Daughter's Diary Upset Nosy Mom

How can a mother approach her daughter after reading upsetting revelations in her diary without her daughter's permission?
I made the mistake of reading my 16-year-old daughter's diary. I am upset and angry at the revelations she revealed in her feeling toward me. She blames me for being unable to bond with her and for my harsh discipline with her, when she was younger. I feel like I have failed her as a mother and I do not know what to do to change the situation.

I feel that any positive feelings I have about her have shut down. She has indicated in her entries that she is depressed and is thinking of death. Would counseling be an option here, and, if so, should it be joint or just individual? I don't think that she would go along with it. Do you have any ideas on how I should approach her about this?

You are beset with many troubling emotions, as is your daughter. Sorting out all your feelings and acting in a way that will most help your daughter is a priority. I am assuming that you felt concerned and worried enough about her and your relationship with her that you invaded her privacy and read her diary. Whether she consciously or unconsciously left her diary for you to read is something I can't comment on with any certainty. I believe your concerns break down into two areas: first, you now have knowledge of her talking about being depressed and thinking about death - what do you do with that knowledge? Second, you are now also aware of her long held feelings of anger, resentment, and blame toward you for what she perceives as harsh and unfair parenting in the past (and maybe the present as well).

I think your top priority is your daughter's depressed state and thoughts of death. It is not uncommon for teens to be depressed about many aspects of their rollercoaster life nor is it unusual for them to think of death as a way out of their despair. Just because these are common behaviors that doesn't mean they are any less troubling. I would make an appointment for yourself with a therapist as soon as possible. Make sure this therapist has a background in dealing with family situations like the one you are confronting. I don't know enough about your daughter's personality or the current status of your relationship with her to offer the kind of advice that would be personalized. You can't sit with this knowledge and worry about her taking her life - you and I know that. I always take kids' talk of death and depression seriously and if you have noticed other recent behaviors in her that have indicated a more distant, troubled state I would give her diary writings more regard.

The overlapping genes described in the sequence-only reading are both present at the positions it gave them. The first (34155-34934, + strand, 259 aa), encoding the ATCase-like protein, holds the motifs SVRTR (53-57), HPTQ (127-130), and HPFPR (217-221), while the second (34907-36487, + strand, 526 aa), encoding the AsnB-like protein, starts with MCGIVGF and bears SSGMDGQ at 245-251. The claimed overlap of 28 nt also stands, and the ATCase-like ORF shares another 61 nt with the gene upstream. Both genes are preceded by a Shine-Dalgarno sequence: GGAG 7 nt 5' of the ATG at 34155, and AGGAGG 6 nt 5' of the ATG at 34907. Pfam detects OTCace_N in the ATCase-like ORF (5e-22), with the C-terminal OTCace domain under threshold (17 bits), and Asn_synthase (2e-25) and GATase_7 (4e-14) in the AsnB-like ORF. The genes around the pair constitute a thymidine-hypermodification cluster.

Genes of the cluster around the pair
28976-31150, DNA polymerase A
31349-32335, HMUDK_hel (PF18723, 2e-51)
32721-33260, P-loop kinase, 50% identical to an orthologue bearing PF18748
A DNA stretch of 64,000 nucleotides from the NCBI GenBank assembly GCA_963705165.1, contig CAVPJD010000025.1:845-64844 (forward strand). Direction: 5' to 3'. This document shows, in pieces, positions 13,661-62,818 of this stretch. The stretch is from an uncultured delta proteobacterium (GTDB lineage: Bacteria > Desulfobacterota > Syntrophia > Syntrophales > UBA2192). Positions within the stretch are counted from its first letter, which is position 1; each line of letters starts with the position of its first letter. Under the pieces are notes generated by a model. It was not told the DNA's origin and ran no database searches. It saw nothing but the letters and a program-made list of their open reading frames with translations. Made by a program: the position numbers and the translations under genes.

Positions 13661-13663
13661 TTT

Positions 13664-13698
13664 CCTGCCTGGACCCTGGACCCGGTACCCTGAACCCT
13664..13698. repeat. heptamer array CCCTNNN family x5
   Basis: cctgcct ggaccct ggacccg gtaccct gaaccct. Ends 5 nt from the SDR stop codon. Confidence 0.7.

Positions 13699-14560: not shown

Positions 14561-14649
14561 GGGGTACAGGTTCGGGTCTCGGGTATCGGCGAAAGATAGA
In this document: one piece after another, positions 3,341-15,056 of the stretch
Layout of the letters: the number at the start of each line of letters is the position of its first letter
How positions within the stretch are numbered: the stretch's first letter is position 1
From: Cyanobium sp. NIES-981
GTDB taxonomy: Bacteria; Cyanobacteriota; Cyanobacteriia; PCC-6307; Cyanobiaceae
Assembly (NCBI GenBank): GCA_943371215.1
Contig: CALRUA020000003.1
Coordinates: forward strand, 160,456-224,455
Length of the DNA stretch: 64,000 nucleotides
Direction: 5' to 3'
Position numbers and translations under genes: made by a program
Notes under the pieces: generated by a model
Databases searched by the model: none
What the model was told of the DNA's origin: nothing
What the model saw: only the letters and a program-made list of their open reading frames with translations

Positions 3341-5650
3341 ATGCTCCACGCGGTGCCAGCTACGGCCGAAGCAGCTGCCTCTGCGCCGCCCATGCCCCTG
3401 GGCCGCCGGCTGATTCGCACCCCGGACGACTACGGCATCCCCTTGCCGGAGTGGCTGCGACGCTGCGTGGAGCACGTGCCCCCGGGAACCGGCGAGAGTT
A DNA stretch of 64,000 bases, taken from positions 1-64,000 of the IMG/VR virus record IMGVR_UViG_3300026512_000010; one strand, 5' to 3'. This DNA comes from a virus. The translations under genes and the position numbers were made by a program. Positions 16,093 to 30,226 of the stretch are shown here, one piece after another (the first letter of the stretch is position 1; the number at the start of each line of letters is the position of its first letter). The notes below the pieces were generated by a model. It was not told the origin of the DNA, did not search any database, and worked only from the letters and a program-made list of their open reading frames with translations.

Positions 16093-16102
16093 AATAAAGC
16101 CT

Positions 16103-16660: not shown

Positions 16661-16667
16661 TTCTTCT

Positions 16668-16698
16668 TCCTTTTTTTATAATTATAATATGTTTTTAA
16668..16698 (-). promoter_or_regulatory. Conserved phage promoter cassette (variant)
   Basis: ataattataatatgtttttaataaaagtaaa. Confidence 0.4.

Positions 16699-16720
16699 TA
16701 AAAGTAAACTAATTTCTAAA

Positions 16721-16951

My hope is that something good can come out of your indiscretion. She will be furious that you read her diary. You can get past that and begin to focus on repairing your relationship with professional help. Please set up your private appointment soon and go from there. You cannot linger on your personal hurt based on what she wrote in her diary. You need to take responsible action for the safety and well being of your daughter. The complex nature of what brought you and her to this present point in your relationship deserves to be worked on - for both of your sakes. Give me an update if you have the time.

Carleton Kendrick has been in private practice as a family therapist and has worked as a consultant for more than 20 years. He has conducted parenting seminars on topics ranging from how to discipline toddlers to how to stay connected with teenagers. Kendrick has appeared as an expert on national broadcast media such as CBS, Fox Television Network, Cable News Network, CNBC, PBS, and National Public Radio. In addition, he's been quoted in the New York Times, Washington Post, Chicago Tribune, Boston Globe, USA Today, Reader's Digest, BusinessWeek, Good Housekeeping, Woman's Day, and many other publications.

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